Rebecca Gaborek CAMWS Excavation Award Report

Rebecca Gaborek

CAMWS Excavation Award Report

Poggio Civitate Archaeological Field School


I am grateful for my time spent this summer contributing to the excavations at Poggio Civitate in Murlo, Italy. Along with a diverse, multidisciplinary team of excavators—from biologists to illustrators, first-year archaeology students to seasoned professionals—we broke ground on new trenches to help answer questions about the domestic lives of the non-elite inhabitants of the site. Poggio Civitate, famous for its enormous four-winged building and mysterious destruction, also reveals tantalizing information about the less flashy but equally important aspects of Etruscan daily life: manufacturing, industrial production, and non-elite dining, to name a few.


I enjoyed shedding light on these activities while rotating between different excavation units. Each trench director offered a unique perspective on the material culture of Poggio Civitate and the importance of our work there. Their guidance quickly acclimated me to the physical demands and intellectual rewards of participating in archaeological fieldwork. Even a small piece of slag or a broken piece of terracotta could provide context for broader lines of inquiry. Although I left the excavation early due to a personal emergency, I was able to glean a solid foundation in Etruscan archaeological field methods and to gain a deep appreciation for the ancient peoples of the area.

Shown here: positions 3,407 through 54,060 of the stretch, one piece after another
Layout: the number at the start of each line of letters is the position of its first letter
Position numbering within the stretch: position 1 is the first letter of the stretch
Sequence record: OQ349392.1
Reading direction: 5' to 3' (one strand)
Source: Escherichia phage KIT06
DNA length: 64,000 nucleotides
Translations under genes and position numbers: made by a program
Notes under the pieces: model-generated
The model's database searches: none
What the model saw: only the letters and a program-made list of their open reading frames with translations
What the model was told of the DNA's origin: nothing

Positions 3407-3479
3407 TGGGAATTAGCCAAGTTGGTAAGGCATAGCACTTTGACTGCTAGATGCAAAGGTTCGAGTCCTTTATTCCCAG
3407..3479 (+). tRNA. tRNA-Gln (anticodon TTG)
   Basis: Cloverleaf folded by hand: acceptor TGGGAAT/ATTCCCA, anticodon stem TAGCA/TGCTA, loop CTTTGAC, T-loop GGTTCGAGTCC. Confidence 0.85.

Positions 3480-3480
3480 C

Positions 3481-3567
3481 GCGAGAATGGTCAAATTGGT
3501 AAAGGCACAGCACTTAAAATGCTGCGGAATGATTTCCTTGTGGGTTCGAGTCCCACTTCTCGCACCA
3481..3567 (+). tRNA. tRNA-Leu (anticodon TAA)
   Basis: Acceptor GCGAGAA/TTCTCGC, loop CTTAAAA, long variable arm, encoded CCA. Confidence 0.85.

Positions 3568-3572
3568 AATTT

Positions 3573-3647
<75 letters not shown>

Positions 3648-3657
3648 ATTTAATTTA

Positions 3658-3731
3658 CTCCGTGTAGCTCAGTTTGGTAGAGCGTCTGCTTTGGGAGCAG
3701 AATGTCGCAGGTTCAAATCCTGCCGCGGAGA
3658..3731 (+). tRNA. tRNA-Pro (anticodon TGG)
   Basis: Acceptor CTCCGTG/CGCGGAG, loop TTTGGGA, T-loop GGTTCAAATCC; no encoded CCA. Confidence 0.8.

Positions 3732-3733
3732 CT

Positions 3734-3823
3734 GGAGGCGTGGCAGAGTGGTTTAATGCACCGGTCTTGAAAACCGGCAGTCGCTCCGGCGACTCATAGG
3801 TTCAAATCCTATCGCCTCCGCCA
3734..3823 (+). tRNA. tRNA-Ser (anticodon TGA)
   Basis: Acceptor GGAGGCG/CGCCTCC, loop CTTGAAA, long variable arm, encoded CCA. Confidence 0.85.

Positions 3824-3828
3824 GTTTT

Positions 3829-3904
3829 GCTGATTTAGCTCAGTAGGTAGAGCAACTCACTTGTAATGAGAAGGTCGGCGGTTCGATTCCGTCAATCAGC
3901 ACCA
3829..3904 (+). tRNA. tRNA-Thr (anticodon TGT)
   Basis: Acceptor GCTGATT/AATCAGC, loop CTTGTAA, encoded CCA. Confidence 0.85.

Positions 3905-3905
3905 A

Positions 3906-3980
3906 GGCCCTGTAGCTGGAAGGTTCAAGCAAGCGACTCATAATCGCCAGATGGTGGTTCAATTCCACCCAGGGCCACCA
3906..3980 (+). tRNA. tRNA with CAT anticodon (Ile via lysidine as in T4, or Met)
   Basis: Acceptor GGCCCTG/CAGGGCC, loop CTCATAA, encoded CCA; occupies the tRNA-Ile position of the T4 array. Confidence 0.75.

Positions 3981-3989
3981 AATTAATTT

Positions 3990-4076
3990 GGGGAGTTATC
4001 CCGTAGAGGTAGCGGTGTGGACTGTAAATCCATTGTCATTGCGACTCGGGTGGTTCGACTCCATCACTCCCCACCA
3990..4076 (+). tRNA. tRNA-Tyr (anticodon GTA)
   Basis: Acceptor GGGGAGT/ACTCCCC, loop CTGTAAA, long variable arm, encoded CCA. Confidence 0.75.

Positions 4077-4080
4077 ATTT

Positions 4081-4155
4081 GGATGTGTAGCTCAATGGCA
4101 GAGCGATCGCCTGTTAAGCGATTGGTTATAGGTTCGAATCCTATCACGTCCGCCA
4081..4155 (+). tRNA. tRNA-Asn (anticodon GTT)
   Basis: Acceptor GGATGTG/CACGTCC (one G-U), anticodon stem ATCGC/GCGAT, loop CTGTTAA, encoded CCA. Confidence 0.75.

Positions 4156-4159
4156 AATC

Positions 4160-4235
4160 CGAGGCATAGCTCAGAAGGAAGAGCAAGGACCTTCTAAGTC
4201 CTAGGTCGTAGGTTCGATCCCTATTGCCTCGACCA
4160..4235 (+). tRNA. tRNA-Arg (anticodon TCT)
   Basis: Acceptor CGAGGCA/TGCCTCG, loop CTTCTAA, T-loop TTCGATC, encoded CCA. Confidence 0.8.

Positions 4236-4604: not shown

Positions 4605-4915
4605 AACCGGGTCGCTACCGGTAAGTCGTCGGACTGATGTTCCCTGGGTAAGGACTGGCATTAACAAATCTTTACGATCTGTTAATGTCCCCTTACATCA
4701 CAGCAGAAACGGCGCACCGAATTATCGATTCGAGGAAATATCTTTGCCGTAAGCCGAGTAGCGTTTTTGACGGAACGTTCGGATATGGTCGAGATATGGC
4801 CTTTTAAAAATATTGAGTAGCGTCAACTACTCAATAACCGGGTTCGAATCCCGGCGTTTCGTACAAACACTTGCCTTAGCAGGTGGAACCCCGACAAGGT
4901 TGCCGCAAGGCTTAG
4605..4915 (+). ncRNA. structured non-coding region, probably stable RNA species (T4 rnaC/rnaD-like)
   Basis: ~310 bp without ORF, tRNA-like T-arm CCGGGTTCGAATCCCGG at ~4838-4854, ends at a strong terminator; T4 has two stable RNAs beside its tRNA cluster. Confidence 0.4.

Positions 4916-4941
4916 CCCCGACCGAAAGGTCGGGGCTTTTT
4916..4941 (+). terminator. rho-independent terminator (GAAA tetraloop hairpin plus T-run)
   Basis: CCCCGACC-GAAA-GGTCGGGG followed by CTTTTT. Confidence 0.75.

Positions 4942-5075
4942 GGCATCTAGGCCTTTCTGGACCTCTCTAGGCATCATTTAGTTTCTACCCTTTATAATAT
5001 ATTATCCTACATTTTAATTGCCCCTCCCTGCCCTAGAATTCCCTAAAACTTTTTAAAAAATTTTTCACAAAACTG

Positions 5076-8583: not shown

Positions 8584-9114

Sifting through layers of stratigraphy and witnessing artifacts in situ—reading excavation reports and doing my part to help produce them—has allowed me to learn about antiquity in the most thorough way possible. Becoming a member of the Poggio Civitate project has not only enriched my archaeological skills in preparation for my future as a PhD student of Classical archaeology, but has also helped me to conserve a rich historical legacy. The Greco-Roman world is my passion. More than anything else, I hope to share that passion with my peers by ensuring that the archaeological record—the best testament to that world—is properly excavated, documented, and displayed for the benefit of posterity.

The view on the hike up to the excavation site, overlooking the rolling hills of Tuscany.     Gaborek visiting a nearby Etruscan site during one of herr free weekends. Here is a chamber tomb from the Hellenistic Grotte necropolis at the Baratti and Populonia Archaeological Park.